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unscientific

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## Homework Statement

A Michelson Interferometer has incident light in range 780-920 nm from a source. Intensity as a function of x (distance from central maxima) is given by:

[tex]I_{(x)} = 3I_0 + 3I_0 cos(K_1x) cos (K_2x) - I_0 sin (K_1x) sin (K_2x)[/tex]

where ##K_1 = 1.3 x 10^7 m^{-1}## and ##K_2 = 3.3 x 10^5 m^{-1}## and ##I_0## is intensity of central maxima.

Part(a): Show that intensity can be written as sum of two monochromatic components.

Part(b): Find their mean wavenumber ##\overline {v}##

Part(c): Find their wavenumber separation ##\Delta \overline {v}##

Part (d): Find their relative intensities

Part (e): Over a larger range, it is found that periodic terms are in fact multiplied by:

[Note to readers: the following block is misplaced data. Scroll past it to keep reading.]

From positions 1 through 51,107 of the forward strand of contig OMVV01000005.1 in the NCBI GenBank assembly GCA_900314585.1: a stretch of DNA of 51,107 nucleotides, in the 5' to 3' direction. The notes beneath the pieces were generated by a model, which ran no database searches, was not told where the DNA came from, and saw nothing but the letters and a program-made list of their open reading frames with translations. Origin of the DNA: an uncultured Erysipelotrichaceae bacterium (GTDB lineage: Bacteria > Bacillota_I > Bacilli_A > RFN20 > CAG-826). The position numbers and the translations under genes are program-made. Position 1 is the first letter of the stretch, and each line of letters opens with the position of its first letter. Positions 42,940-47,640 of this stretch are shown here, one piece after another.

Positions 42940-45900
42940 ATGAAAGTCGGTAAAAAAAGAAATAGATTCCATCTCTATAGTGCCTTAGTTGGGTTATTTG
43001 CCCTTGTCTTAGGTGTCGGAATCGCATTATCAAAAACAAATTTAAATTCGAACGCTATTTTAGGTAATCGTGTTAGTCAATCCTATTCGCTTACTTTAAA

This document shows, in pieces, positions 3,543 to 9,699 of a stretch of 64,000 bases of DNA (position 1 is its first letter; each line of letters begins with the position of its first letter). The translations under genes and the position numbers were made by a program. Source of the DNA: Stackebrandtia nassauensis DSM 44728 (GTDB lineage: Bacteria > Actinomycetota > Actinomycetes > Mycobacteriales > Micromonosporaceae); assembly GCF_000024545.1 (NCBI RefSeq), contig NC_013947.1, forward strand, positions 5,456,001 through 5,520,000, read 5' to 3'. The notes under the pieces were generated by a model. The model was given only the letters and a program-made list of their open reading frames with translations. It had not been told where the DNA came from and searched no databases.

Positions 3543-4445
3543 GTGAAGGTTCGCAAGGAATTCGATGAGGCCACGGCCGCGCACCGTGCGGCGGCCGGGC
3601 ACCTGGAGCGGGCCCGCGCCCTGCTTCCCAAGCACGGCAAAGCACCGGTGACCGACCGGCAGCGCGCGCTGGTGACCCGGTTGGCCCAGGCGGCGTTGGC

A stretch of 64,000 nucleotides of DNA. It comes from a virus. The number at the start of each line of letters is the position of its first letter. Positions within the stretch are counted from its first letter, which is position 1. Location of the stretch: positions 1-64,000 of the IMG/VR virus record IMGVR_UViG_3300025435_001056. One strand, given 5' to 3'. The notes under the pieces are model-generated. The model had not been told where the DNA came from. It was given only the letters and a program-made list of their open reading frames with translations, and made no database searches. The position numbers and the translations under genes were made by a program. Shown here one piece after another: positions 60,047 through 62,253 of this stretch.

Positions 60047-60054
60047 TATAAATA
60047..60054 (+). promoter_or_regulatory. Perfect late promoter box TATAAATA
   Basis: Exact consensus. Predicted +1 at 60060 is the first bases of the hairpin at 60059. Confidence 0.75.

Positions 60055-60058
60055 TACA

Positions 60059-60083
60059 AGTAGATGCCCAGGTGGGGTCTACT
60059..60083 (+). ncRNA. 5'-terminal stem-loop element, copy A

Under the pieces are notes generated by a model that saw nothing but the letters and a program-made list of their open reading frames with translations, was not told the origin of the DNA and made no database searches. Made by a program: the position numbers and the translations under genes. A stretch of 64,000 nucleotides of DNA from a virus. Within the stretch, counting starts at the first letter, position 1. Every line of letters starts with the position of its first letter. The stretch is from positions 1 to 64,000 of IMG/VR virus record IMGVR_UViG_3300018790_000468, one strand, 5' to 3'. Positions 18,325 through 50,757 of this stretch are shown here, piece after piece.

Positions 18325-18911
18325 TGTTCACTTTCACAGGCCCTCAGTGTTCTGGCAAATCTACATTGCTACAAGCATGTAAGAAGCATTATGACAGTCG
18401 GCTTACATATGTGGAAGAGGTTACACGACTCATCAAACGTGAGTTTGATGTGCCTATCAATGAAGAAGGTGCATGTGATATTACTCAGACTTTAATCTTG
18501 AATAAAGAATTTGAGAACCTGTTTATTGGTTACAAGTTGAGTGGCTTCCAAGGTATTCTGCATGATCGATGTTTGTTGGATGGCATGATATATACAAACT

[tex]f_{(x)} \propto e^{(-K_3^2 x^2)} [/tex]

Make a sketch of the interference pattern.

## Homework Equations

## The Attempt at a Solution

**Part(a)**[tex]I_{(x)} = 3I_0 + 3I_0 cos(K_1x) cos (K_2x) - I_0 sin (K_1x) sin (K_2x)[/tex]

[tex]= 3I_0 + 2I_0 cos\left ( (k_1 + k_2) x\right ) + I_0 cos \left ((k_1 - k_2)x \right )[/tex]

[tex] = \frac{3}{2}I_0 + 2I_0 cos (k_3' x) + \frac{3}{2}I_0 + I_0 cos (k_4' x)[/tex]

where ##k_3' = k_1 + k_2## and ##k_4' = k_1 - k_2##.

Thus it is a sum of two monochromatic intensities with wavenumber ##k_3'## and ##k_4'##.

__Part (b)__[tex]\overline {v} = \frac{k_3' + k_4'}{2} = k_1[/tex]

__Part (c)__[tex] \Delta \overline {v} = \frac{k_3' - k_4'}{2} = k_2 [/tex]

__Part(d)__[tex]\frac{I'_3}{I'_4} = \frac{\frac{3}{2} + 2 cos (k_3' x)}{\frac{3}{2} + cos (k_4' x)}[/tex]

At x = 0,

[tex]\frac{I'_3}{I'_4} = \frac{7}{4} [/tex]

For relative intensities, do they want us to find it at a distance x away or at the center?

__Part (e)__I can see that for large x, Intensity → 6I

_{0}

[tex]I = \frac{3}{2}I_0 + 2I_0 cos (Ak_3' e^{x^2}) + \frac{3}{2}I_0 + I_0 cos (Ak_4' e^{x^2})[/tex]

So the general idea is that it varies sinusoidally about 6I

_{0}but finally settles along 6I

_{0}. Here's my sketch: